Kim’s report on Ria was that she was very sweet and intelligent but has next to no attention span (which was something I had definitely noticed in my lunge work with her). They made great strides with regards to Ria’s lunging and increasing her attention span, but there wasn’t much chance to do more serious work with her.

Kim’s feedback to me was that she believes I can restart Ria myself, with the help of our farm owner and manager, so she won’t have to ship back and forth between farms again. I’m simultaneously nervous and a little intimidated, but also excited at the prospect of training her myself.

The New Plan at Home

My plan is to keep things very slow with her and only do groundwork until her weight and condition are better. We’re going to keep working on lunging for now, with some desensitization work interspersed. I also plan to walk her out on some of our trails on foot to get her used to the area and see how she handles the wildlife and other distractions. Eventually I’m going to try ground driving her so that by the time she’s rideable, we should have an excellent foundation.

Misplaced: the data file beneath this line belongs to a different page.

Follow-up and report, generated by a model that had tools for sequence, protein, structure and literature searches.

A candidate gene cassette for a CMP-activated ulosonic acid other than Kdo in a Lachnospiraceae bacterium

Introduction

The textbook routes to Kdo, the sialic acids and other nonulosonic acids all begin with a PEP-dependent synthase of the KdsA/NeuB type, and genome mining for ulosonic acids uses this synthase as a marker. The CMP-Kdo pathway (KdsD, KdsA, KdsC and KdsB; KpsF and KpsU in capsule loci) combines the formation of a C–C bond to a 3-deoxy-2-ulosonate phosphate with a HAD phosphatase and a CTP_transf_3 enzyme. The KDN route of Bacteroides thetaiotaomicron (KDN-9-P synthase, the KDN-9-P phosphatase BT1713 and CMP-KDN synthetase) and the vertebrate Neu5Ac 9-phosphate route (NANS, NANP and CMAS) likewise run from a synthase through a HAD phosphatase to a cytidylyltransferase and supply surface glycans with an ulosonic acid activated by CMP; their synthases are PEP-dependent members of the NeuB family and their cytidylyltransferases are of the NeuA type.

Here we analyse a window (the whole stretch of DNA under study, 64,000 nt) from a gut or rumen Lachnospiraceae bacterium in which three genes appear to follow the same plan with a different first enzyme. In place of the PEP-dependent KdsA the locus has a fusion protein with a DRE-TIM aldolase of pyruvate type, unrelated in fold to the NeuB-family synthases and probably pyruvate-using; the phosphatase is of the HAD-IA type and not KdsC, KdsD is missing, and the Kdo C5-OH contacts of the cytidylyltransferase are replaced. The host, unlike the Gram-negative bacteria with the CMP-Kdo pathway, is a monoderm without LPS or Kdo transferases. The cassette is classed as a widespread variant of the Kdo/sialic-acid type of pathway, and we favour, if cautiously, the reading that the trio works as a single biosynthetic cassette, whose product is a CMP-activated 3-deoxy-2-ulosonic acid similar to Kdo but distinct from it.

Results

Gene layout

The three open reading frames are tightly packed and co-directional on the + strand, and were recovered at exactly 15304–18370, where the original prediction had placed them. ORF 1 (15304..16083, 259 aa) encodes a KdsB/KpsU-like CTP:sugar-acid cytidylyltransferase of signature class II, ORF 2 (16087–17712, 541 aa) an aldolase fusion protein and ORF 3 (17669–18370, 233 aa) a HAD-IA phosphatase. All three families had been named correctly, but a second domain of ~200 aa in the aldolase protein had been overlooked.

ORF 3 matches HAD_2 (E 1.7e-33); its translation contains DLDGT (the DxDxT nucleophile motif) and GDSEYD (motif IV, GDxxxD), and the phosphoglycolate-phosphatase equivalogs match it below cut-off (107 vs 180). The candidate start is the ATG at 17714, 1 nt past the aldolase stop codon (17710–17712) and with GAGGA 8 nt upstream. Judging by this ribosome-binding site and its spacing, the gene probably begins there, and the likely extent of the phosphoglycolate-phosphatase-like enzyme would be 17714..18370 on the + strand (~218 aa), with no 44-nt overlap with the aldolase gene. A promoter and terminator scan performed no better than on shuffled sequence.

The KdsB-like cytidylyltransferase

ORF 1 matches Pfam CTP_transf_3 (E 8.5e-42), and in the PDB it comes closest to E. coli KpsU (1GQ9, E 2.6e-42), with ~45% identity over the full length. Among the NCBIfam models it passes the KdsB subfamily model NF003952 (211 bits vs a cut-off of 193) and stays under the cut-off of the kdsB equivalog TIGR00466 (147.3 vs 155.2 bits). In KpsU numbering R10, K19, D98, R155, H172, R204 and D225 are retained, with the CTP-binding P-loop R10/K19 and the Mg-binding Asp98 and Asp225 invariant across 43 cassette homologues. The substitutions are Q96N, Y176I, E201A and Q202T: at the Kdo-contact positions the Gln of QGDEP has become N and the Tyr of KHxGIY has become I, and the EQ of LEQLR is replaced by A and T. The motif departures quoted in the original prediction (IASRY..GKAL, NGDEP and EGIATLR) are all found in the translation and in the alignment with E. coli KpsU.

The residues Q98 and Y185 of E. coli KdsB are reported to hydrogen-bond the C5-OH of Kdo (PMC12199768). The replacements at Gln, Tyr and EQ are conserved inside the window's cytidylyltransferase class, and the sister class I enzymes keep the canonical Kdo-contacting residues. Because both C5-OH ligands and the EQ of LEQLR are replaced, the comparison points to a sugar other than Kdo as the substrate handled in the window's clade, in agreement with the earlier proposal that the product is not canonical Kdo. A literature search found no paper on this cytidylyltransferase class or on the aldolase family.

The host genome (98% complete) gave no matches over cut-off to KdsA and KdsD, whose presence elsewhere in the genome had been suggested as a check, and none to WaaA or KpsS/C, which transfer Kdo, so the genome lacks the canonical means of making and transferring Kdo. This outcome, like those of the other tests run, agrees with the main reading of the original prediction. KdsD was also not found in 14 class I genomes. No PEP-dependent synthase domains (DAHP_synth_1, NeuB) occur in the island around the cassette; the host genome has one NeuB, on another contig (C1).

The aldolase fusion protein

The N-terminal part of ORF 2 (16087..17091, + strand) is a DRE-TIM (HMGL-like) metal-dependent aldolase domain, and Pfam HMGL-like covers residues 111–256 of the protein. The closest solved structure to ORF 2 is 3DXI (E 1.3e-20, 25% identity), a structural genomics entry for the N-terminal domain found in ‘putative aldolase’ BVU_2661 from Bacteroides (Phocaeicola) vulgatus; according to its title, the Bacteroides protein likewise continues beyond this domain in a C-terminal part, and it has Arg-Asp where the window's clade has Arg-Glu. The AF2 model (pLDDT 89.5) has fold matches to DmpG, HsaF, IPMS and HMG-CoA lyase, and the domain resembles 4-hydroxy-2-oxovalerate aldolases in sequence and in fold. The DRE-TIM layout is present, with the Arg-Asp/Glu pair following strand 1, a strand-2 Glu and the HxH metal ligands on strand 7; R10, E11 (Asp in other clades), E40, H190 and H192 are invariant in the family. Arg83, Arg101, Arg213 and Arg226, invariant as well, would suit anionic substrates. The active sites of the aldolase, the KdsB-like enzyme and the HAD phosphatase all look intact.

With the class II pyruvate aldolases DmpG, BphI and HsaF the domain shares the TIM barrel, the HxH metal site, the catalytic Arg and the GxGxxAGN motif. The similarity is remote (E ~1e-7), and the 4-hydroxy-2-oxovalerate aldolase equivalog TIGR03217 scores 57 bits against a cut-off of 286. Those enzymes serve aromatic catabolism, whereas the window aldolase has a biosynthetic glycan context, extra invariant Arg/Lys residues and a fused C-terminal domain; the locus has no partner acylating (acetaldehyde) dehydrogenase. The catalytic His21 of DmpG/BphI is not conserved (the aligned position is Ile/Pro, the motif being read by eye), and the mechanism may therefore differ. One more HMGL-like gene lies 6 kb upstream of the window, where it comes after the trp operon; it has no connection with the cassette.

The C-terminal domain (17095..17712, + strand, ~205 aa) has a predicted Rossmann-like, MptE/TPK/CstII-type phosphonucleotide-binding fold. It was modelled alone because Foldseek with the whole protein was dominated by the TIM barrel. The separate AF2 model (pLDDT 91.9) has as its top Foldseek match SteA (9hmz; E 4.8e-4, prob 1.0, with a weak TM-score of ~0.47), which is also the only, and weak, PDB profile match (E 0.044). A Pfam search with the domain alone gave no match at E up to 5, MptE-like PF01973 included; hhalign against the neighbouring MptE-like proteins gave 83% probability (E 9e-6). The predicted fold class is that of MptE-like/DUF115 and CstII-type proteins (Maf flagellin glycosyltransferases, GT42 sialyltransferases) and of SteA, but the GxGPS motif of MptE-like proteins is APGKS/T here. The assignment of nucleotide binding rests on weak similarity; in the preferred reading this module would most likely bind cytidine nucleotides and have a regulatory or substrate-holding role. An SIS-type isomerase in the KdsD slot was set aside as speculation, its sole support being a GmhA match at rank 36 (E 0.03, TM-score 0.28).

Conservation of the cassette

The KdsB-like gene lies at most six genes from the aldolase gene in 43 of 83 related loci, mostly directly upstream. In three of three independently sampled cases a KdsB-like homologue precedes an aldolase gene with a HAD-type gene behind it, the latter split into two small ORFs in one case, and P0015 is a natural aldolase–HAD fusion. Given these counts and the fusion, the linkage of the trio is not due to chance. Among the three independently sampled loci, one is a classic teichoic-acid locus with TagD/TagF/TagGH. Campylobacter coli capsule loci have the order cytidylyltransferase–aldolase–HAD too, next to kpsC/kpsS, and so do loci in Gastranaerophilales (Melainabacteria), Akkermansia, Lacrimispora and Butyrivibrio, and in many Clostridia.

Since returning to Virginia, I met with the barn owner and veterinarian to discuss how best to help Ria. We have opted to add an additional lunch-time meal for her, so she is now getting 9 pounds of Purina Ultium grain a day. She is also on unlimited hay, 2 pounds of alfalfa pellets, and now Cool Calories. She also recently started Gastroguard to treat any stomach ulcers and will be getting bloodwork and deworming done later this week. I’m hopeful that this will all make a difference for her and am so grateful that I have such a wonderful team at the farm to help.

To read the previous update on Ria (AKA Sevilla Sangria) click here. To learn more about Lauren, click here.

From Lauren Floyd, WVS club member: